In response to a growing demand for health care, particularly mental health services, county health officials in California opened a mental health urgent care in South Los Angeles at the end of August. This center is intended to immediately treat patients in crisis while also connecting them with ongoing care. This service is part of a growing trend within the United States health care system, which is increasingly utilizing urgent care clinics to fill gaps in its treatment capabilities. Currently, there are an estimated 160 million visits to urgent care facilities every year.
According to Kaiser Health News, the Martin Luther King Jr. Mental Health Urgent Care Center is designed to evaluate, counsel, and medicate incoming patients, as well as provide them with referrals for long-term treatment. The clinic can accommodate 16 adults and six young people at a time, and will surely see a fair amount of use due to the recent increase in patients with mental illnesses at hospital emergency rooms. While the center cannot accept people who are incoherent, extremely aggressive or need emergency medical attention, it is likely to be a better place for the mentally ill than a hospital, which is often a disruptive and extremely busy environment.
The increasing number of patients seeking mental healthcare is believed to be a result of the Affordable Care Act, which gave an unprecedented number of patients medical coverage and expanded the number of people eligible for Medicaid. However, this expanded coverage has affected more than mental health services: many rural hospitals and doctors offices are being forced to turn away patients due to an overwhelming volume of people seeking care. The Seattle Times reported that at least one clinic in Port Angeles, Washington is turning away more than 250 callers a week who are seeking a new physician. This shortage is especially concentrated in rural areas because of the relatively small number of medical providers to begin with, coupled with a low number of new physicians who are willing to work in these small, often isolated communities.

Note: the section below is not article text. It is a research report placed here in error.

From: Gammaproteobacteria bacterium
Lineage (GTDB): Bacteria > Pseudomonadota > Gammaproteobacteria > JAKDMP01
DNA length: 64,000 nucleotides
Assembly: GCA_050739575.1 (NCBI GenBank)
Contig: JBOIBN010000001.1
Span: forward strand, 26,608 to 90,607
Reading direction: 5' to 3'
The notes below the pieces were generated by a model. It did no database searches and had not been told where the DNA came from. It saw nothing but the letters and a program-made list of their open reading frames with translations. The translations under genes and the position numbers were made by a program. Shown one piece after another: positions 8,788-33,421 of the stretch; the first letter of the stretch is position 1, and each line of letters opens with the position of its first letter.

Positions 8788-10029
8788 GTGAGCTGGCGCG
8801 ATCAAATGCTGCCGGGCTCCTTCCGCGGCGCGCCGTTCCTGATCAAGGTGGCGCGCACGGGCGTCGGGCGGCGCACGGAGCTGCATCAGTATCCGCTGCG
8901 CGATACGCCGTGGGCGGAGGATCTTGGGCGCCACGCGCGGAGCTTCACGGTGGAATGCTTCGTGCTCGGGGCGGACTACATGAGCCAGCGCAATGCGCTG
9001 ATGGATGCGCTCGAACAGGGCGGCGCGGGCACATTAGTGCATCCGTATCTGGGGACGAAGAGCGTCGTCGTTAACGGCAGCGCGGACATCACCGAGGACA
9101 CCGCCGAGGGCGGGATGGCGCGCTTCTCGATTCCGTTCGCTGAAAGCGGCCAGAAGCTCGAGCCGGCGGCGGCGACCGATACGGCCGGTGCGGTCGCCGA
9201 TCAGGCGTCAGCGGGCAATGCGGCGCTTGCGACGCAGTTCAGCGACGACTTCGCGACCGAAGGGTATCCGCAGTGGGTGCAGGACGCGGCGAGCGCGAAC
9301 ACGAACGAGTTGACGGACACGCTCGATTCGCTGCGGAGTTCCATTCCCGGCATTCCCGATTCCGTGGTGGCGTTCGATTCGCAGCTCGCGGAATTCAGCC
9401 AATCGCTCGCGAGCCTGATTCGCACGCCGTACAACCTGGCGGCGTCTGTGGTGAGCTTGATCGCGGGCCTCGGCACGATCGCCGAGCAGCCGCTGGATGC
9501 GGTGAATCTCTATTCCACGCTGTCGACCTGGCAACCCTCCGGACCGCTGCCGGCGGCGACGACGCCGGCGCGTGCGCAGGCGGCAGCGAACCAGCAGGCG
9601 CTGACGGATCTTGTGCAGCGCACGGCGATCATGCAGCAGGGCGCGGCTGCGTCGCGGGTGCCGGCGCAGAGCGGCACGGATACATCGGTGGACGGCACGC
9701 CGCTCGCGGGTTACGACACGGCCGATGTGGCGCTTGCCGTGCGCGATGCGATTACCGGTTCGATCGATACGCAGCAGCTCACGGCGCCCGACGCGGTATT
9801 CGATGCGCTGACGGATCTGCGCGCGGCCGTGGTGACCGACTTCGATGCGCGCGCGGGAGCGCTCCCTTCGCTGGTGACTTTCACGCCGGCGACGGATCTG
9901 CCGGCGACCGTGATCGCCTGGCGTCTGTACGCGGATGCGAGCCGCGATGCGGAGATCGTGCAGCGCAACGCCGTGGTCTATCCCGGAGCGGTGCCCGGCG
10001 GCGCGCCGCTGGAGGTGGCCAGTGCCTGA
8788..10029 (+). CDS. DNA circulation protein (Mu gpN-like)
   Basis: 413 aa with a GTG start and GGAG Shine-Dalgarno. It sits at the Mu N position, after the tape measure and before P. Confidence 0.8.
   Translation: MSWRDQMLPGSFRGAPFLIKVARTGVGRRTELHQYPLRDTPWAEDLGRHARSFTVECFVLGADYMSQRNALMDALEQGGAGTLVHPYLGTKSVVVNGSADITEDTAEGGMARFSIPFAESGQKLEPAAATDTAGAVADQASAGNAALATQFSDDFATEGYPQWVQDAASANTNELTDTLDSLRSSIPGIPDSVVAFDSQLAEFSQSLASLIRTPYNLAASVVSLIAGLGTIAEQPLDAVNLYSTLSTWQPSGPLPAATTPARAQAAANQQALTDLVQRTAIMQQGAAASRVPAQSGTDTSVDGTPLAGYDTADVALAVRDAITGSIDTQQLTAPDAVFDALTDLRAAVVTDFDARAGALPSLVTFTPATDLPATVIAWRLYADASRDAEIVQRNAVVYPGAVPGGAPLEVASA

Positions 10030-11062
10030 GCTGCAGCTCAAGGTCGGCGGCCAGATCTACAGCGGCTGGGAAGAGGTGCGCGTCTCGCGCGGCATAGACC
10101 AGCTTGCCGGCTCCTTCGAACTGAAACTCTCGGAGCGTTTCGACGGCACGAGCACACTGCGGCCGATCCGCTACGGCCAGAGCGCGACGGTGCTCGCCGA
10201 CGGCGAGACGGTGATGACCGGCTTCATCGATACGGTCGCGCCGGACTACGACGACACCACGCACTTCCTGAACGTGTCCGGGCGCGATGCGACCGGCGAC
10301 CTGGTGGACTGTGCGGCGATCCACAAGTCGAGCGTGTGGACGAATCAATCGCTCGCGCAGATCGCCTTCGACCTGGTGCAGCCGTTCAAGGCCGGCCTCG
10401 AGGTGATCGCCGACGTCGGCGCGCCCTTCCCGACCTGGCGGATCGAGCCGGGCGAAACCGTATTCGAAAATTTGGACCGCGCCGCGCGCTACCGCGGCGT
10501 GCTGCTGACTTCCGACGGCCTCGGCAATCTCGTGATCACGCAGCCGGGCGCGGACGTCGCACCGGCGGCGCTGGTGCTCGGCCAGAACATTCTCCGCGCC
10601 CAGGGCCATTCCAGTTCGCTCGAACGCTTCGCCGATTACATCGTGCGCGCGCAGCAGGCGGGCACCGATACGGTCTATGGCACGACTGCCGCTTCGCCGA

Due to these problems, which are also having their effect on urban and suburban areas, clinics like the Martin Luther King Jr. Urgent Care Center will hopefully help provide necessary treatments, at least until a more permanent solution can be found to treat those who are finally able to afford medical care. The center can allow patients to stay for no longer than one day, but can also place people under a 72 hour hold if necessary. The building will include everything from a kitchen to counseling and support groups, and will also act as a standard medical clinic. Health providers hope this will encourage patients to view the clinic as a “home base” for their health concerns and encourage them to visit when necessary, rather than turning to a likely overcrowded hospital.
Martin Luther King Jr. Urgent Care Center is only one of a number of new mental health clinics in California, and one of many urgent care centers across the United States. However, some private health care providers are reportedly concerned about the challenges of assisting Medicaid patients: Medicaid not only provides less reimbursement than other insurance plans, but some practices must also wait for approval from managed care companies before proceeding with care. Unfortunately, due to the current holes in the structure of the healthcare system, urgent care clinics like California’s new mental health centers will likely be needed to fill a number of gaps in the system until effective changes can be made.